Final Jeopardy: Oscar-Winning Film Subjects

The Final Jeopardy question (12/30/2016) in the category “Oscar-Winning Film Subjects” was:

The only Nobel Prize winner to be the title subject of a Best Picture Oscar winner is this man.

New champ Mukund Marathe won $21,400 yesterday. In the last game of the year, he takes on these two players: Ryan Vanderyacht, from Lake Forest, CA; and Kate Gran, from East Northport, NY.

Round 1 Categories: The Gummelier – The Leaders & Best – “Happy” New Year – Coast – Dove – What’s Your Favorite Soap?

Kate found the Jeopardy! round Daily Double in “Dove” under the $1,000 clue. There was only one $1,000 clue in “Leaders” left after it. She was in the lead with $5,000, $1,200 more than Mukund in second place. She bet $1,000 but had no idea so she was WRONG.

1997’s “Comanche Moon” was the last published of the 4 novels in this Western series. show

That ended the round and Kate finished in the lead with $4,000. Mukund was second with $3,800 and Ryan was last with $2,800.

Round 2 Categories: Anagrammed Scientists’ Last Names – Georgia in Song – Doctored Books – Forever Stamps – The Middle Ages – All in the Family?

Kate found the first Daily Double in “Georgia in Song” under the $1,200 clue on the 3rd pick. She was in the lead with $4,800 at this point, $1,000 more than Mukund in second place. She bet $2,000 and guessed Florida Georgia Line. That was WRONG.

Nice neighbor! This “stately” mega-group of country sang “Burn Georgia Burn.” show

Mukund found the last Daily Double in “Doctored Books” under the $2,000 clue on the 10th pick. In the lead with $7,800, he had $1,000 more than Ryan in second place. He bet $1,000, and he was RIGHT.

Dr. Bernard Rieux forgoes escape to stay behind & fight the deadly contagion in this Albert Camus work. show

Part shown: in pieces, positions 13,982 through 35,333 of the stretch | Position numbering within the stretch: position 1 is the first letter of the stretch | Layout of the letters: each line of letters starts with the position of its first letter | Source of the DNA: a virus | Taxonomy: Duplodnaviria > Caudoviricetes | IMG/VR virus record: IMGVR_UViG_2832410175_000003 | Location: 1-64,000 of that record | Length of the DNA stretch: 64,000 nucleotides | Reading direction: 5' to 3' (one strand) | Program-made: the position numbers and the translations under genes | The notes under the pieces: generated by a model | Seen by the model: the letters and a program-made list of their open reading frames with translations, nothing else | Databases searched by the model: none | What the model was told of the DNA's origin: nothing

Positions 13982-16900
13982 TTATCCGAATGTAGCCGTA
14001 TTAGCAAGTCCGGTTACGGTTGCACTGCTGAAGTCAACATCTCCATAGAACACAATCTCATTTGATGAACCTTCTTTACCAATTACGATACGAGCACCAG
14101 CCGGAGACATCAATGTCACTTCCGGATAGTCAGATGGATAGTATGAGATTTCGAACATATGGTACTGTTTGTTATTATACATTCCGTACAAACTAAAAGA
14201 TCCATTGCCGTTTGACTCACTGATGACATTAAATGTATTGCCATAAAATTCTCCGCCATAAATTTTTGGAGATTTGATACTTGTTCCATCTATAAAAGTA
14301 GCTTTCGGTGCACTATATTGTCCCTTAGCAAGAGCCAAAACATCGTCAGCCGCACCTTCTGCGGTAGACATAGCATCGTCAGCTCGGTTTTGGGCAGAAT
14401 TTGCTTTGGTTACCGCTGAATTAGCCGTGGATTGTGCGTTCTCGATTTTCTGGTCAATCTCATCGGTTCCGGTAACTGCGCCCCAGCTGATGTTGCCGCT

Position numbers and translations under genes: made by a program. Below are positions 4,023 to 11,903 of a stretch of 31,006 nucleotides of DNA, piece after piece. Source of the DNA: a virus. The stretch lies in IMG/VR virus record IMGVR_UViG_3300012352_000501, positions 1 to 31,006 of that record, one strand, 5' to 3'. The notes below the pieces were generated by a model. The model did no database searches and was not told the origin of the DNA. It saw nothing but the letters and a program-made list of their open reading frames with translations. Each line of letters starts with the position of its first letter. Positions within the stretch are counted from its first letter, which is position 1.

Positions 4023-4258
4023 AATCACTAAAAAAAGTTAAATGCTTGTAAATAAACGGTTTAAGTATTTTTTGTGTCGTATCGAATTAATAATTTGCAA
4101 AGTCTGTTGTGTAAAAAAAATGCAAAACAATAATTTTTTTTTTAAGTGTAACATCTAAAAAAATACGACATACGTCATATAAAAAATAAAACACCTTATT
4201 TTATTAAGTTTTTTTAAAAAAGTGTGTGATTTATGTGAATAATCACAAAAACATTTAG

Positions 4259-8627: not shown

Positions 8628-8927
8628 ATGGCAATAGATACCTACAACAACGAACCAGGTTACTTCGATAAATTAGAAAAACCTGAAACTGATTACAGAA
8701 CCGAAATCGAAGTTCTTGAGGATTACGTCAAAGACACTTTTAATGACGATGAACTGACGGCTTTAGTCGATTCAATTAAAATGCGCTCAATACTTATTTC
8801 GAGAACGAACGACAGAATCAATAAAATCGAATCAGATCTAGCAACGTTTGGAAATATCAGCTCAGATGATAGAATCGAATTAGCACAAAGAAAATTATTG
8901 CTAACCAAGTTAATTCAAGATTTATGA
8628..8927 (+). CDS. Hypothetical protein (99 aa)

Mukund finished in the lead with $14,800. Ryan was next with $9,600 and Kate was in third place with $8,800.

NONE of the contestants got Final Jeopardy! right.

WHO IS JOHN NASH?

In a tribute to John Nash written shortly after his death in May 2015, Kevin Knudson, Professor of Mathematics of the Univ. of Florida, says: “Thanks to A Beautiful Mind, Sylvia Nasar’s chronicle of Nash’s life, and its film adaptation starring Russell Crowe, Nash was one of the few mathematicians well known outside the halls of academia…. Nash’s influence goes far beyond the Hollywood version of his biography. His colleagues count his mathematical innovations, particularly on noncooperative games (the work that would earn him his [1994] Nobel Prize), among the great economic ideas of the 20th century.”

Kate thought it was Roosevelt. She lost her $8,000 bet, finishing with $800.

Ryan came up with Stephen Hawking. That cost him $9,000, leaving him with $600.

Mukund wrote down Oppenheimer. He lost his $4,401 bet but still won the match with the remaining $10,399. His 2-day total is $31,799.

Final Jeopardy (12/30/2016) Mukund Marathe, Kate Gran, Ryan Vanderyacht

A triple stumper from each round:

THE GUMMELIER ($800) You’ll love the pink packaging of this rhyming brand’s bubble gum tape gum; pull some out & embrace the lean suppleness

THE MIDDLE AGES ($800) Adopted “municipal” name of Odo de Lagny, elected Pope in 1088 & a leader of ecclesiastical church reform

2 years ago: TWO of the players got this FJ in “20th Century America”

In 1923 Fanny Brice made news by having this procedure, later rejected by a woman portraying her. show

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23 Responses

  1. Nullifidian says:

    Of course, the correct answer to this FJ is “None”, because the so-called Nobel Prize that John Nash was awarded is a fake Nobel. Alfred Nobel only endowed prizes in five categories: peace, literature, physiology and medicine, chemistry, and physics. The prize that Nash won is the “Swedish National Bank’s Prize in Economic Sciences in Memory of Alfred Nobel”, which the Swedish National Bank created in order to pretend that economics was an actual science, and which didn’t exist prior to 1969. The fact that this is consistently mixed up with awards that honor meaningful scientific achievements always annoys me.

    • VJ says:

      That was No. 2 on that History.com list I linked to below, except the part about creating it to pretend that economics was an actual science ;)

    • EricS says:

      Well done by you both. The favorite Banksy is right, as economics does not follow the scientific method. One need only look to the acceptance of the Laffer curve (that one is for J). It seems to make sense graphically, so it was accepted (to some). It, however, simply does not withstand empirical evidence. Mainly, as econometrics challenges classical theories, economics is conjecture.

    • ecgberht says: